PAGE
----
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“It renews your faith in craftsmanship.” [MW, Lyme Regis]

18th-27th August 2018

Daniel Lacey Design & Furniture

Celebration of Craftsmanship & Design


18th - 27th August 2018


Daniel Lacey Design & Furniture

Celebration of Craftsmanship & Design is filled with special exhibits that have been expertly created by knowledgeable craftsmen and women, using timber that has taken years to grow and mature before being given a new life as a wonderful heirloom piece of furniture.  Daniel Lacey has taken this to another level however with his drinks cabinet, that is on display with us this year, which has been crafted from timber dating back to the Mesolithic Age (or Middle Stone Age) when the only humans in the area were hunter gatherers, centuries before the first settled farmers!


The ‘Solway Bog Oak’ after excavation and (inset) the beautiful character and figure of the machined timber within.

The bog oak that he has used was discovered beneath a 7,000 year old layer of peat just 40 minutes’ drive from his workshop in Langholm, Dumfries & Galloway.  Quality bog oak is much sought after by furniture makers and to recover a log this old is highly uncommon and all the more so because it is 7m long and nearly a metre wide.  In Britain most bog of oak of furniture quality comes from East Anglia, and is highly prized by furniture makers and connoisseur-buyers.  A log from the north is therefore particularly rare and unusual.

“It’s remarkable to work with wood like this because the tannin present in oak reacts with the minerals it has absorbed over the millennia to give it an astonishing nearly-black colour and a very unusual lustre. The colours are very subtle – something that people who love wood really watch out for.  It’s also quite something to think that this tree, which grew by the Solway Firth all that time ago, has been rediscovered and can be used to create furniture designed to make the most of its special character.” Says Daniel.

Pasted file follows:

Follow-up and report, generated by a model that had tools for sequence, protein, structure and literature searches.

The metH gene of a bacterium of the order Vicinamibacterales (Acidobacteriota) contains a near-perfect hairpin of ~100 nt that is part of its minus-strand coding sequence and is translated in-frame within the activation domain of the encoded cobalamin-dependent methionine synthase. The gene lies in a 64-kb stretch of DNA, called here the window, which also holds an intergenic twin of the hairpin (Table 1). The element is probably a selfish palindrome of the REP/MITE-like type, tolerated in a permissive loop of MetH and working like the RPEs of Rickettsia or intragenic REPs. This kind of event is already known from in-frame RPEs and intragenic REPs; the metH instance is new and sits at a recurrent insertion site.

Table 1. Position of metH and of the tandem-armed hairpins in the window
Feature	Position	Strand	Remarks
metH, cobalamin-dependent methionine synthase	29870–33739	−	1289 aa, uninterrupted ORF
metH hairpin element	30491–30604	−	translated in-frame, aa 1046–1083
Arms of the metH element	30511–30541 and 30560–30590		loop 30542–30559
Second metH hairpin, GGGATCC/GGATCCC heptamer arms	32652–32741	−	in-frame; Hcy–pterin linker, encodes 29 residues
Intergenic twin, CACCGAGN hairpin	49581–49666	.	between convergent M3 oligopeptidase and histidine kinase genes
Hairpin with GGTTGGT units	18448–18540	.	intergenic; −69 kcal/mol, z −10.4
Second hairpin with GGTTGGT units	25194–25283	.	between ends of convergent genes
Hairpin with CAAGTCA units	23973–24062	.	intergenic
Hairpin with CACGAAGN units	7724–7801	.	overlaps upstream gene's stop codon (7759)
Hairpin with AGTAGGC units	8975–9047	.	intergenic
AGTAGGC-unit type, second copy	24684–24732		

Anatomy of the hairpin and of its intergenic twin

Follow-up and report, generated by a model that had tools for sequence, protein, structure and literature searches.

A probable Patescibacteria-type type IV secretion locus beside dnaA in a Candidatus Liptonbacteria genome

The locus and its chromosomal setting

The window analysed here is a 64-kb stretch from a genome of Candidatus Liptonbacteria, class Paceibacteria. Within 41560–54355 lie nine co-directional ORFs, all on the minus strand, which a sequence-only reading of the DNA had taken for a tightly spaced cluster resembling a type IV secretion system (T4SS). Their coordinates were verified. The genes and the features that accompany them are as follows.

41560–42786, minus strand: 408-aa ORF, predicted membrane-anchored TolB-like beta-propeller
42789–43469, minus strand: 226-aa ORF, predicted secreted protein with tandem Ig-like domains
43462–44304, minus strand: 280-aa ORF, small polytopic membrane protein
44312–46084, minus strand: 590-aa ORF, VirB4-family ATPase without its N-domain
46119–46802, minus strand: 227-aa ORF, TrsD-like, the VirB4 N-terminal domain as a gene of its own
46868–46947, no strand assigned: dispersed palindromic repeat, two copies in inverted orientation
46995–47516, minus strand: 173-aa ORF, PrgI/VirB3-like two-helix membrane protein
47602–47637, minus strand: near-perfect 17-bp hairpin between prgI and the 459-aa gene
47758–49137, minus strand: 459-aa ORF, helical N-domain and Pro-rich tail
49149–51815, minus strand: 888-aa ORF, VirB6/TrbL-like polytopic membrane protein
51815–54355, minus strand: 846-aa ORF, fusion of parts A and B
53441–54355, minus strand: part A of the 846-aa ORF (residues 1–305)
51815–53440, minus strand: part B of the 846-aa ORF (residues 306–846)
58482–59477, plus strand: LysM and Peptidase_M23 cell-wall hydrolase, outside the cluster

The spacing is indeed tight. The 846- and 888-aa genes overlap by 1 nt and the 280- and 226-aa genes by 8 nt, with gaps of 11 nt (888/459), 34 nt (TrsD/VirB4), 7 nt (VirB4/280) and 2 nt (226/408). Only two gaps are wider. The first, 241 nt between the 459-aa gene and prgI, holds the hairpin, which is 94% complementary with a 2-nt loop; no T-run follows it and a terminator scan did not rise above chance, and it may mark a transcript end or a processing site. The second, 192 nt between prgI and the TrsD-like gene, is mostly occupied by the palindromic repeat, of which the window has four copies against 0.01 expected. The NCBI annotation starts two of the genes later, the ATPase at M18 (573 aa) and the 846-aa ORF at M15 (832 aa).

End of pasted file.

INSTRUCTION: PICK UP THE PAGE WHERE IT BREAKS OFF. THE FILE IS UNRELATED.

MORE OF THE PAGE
Daniel Lacey starts to work on his drinks cabinet.

Image courtesy of Euan Anderson.

Interestingly, during the drying process, shrinkage/cell collapse creates a remarkable juxtaposition in weight.  Fresh green oak weighs around 1200kg/cu.m and when dried and ready to make into furniture it weights around 800kg/cu.m.  The bog oak, even though saturated when fresh out of the bog, weighs less at around the 800kg/cu.m but when dried and ready to be made into furniture it is around 1100kg/cu.m.

The ‘Solway Bog Oak’ in stick after planking at the start of its slow and careful drying process.

The wood itself has a high iron content, helping make it very hard, and adding to the distinctive orange and black colouring that it has given to pottery when colleagues Miles-Moore Ceramics began to experiment with using it for a glaze.  They found that the bog oak sawdust has a very high mineral content—10x the content of contemporary timber!  The cabinet was appropriately first exhibited earlier this year at Spring Fling, a local open studio event that covers both the location of the logs discovery and Daniels workshop.  We are delighted to now have it on display in Cheltenham this year alongside his other beautiful work and that of around 70 other designer-makers.

The ‘Solway Bog Oak Drinks Cabinet’ and Daniel Lacey.

Images: Courtesy of Euan Anderson (L) and Colin Hattersley, Spring Fling Open Studios 2018 (R).





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